Consumer redressal panel: Refund applicants’ money with 18 per cent interest
Holding that the Greater Noida Industrial Development Authority (GNIDA) and the State Bank of India (SBI) had indulged in unfair trade practice in misleading the applicant-homebuyers, a bench of the Delhi State Consumer Disputes Redressal Commission has ordered refund of money deposited along with an 18 per cent interest.
The bench of SC Jain and NP Kaushik also ordered each party to pay Rs 2.5 lakh as compensation to each complainant for “causing harassment, inconvenience, sadness, anguish and mental agony”, and also to deposit Rs 25 lakh each in the Consumer Welfare Fund of the state maintained by the Commission for making good the loss “caused to those flat buyers who have been declared successful in the draw of lots and have not come to the Consumer Fora and are not identifiable conveniently.”
The complainants, who had been declared successful in draw of lots for flats to be constructed by GNIDA, had surrendered the same. GNIDA refunded only 50 per cent of their initial deposit on the plea that their surrender letter had come after the expiry of the 45-day period from the date of issuance of letter of allotment.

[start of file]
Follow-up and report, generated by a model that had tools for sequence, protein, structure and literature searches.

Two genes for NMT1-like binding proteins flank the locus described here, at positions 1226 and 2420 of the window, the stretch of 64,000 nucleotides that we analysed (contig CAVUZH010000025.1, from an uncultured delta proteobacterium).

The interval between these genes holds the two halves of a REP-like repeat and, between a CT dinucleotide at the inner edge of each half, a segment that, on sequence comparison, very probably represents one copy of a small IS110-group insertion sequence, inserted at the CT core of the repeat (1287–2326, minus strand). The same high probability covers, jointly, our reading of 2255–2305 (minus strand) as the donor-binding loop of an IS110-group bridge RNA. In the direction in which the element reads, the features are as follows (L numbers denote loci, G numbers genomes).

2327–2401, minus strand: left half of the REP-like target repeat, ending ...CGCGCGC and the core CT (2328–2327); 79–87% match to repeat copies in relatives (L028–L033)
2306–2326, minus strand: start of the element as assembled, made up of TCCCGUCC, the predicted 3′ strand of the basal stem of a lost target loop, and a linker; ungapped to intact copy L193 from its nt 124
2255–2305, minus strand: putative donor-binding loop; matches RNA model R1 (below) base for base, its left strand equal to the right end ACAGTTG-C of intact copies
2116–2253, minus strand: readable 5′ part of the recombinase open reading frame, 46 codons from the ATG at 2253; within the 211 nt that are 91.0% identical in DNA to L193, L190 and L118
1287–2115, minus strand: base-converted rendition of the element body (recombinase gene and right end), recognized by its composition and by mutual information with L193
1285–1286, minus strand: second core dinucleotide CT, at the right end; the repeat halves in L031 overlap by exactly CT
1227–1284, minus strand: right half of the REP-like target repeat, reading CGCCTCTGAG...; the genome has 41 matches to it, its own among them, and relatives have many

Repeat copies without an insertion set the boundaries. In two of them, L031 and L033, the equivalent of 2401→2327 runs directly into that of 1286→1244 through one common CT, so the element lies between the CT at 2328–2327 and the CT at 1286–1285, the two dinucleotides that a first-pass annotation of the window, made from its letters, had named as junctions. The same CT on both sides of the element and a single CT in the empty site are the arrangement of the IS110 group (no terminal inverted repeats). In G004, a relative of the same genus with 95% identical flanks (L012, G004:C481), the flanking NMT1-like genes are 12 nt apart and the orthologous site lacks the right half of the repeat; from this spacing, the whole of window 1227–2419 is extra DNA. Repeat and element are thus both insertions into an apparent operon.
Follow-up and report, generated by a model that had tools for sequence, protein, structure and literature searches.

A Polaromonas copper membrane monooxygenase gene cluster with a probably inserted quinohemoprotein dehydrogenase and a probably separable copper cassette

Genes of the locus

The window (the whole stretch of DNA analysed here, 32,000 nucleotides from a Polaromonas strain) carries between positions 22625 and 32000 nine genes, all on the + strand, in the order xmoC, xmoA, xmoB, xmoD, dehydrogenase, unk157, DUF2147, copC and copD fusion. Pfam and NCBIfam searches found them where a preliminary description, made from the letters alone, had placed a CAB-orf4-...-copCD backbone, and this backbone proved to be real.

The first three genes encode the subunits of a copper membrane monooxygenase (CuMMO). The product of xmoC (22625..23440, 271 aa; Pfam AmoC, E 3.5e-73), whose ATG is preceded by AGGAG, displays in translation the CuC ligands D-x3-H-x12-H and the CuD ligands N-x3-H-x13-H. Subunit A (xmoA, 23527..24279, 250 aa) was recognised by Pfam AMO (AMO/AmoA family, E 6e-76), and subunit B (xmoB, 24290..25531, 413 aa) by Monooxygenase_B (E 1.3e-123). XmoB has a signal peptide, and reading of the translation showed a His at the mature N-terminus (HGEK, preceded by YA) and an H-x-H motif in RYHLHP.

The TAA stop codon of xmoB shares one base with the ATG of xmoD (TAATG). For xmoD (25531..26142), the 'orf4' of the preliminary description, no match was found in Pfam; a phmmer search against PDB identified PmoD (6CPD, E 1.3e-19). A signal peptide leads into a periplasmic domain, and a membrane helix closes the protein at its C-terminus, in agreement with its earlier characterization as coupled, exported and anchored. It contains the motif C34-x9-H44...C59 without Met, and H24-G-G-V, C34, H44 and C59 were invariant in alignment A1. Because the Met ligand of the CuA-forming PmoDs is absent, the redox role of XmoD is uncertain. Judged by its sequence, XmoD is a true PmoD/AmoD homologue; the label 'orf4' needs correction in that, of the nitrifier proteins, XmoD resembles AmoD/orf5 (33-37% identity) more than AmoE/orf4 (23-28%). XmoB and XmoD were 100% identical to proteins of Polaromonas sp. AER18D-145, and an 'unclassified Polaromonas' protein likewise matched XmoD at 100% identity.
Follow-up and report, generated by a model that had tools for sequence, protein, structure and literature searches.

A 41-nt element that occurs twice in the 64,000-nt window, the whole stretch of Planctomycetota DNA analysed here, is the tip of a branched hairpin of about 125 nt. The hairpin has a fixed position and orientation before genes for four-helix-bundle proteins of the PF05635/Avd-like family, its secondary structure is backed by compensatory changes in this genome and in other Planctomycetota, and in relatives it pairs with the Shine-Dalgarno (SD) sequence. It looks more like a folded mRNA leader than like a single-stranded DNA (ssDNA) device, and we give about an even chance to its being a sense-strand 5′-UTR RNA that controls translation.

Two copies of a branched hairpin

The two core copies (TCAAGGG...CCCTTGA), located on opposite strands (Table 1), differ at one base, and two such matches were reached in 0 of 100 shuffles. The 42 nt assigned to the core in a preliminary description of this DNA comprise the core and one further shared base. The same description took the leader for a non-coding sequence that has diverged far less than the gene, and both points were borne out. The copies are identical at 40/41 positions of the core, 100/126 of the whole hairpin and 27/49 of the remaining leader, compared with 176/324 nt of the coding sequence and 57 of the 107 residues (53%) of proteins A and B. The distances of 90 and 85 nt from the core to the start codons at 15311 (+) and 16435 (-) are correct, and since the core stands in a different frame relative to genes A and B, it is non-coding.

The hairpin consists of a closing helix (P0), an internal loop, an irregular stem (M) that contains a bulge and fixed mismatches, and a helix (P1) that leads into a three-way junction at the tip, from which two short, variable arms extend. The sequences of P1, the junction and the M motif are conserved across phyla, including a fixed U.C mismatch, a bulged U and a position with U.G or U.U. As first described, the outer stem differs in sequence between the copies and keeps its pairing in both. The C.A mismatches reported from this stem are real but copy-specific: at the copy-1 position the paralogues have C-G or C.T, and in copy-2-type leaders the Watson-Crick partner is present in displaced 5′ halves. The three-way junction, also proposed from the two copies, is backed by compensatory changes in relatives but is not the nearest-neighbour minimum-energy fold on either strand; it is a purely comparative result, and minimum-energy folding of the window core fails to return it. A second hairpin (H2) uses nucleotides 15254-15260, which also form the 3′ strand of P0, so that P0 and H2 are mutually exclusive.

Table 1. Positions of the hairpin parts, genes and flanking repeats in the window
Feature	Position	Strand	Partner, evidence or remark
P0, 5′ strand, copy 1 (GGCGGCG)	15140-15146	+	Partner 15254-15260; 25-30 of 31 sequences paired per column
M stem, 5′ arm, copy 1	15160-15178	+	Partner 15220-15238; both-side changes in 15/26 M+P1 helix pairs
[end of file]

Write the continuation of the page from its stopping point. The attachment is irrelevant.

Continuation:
However, the complainants, who had taken loan from SBI, pointed out that they had received their letters from SBI and not GNIDA, that too with just a few days remaining for the 45-day period to lapse.
In its order, the State Commission noted that both SBI and GNIDA were in a “dominant position vis-à-vis the complainants” and that the “complainants have been running from pillar to post to receive their letters of allotment.”
One car per flat in society parking lots: Delhi HC
The Delhi high court has ruled that a flat owner can park only one vehicle in a designated slot inside the complex unless granted exemption.
The rules framed by a cooperative society would be final in this regard, the court said while fining a resident Rs 1 lakh and dismissing his plea demanding access to more than one slot as he has four cars. Common areas in a society are meant for use by all members and not to park cars, the court said.
A bench of Justices Gita Mittal and IS Mehta said, “Air pollution is not the only environmental impact that vehicles cause. Parking of excess cars in open areas reduces available space underneath them for rainwater harvesting, which enables charging of aquifers – another adverse impact on environment.”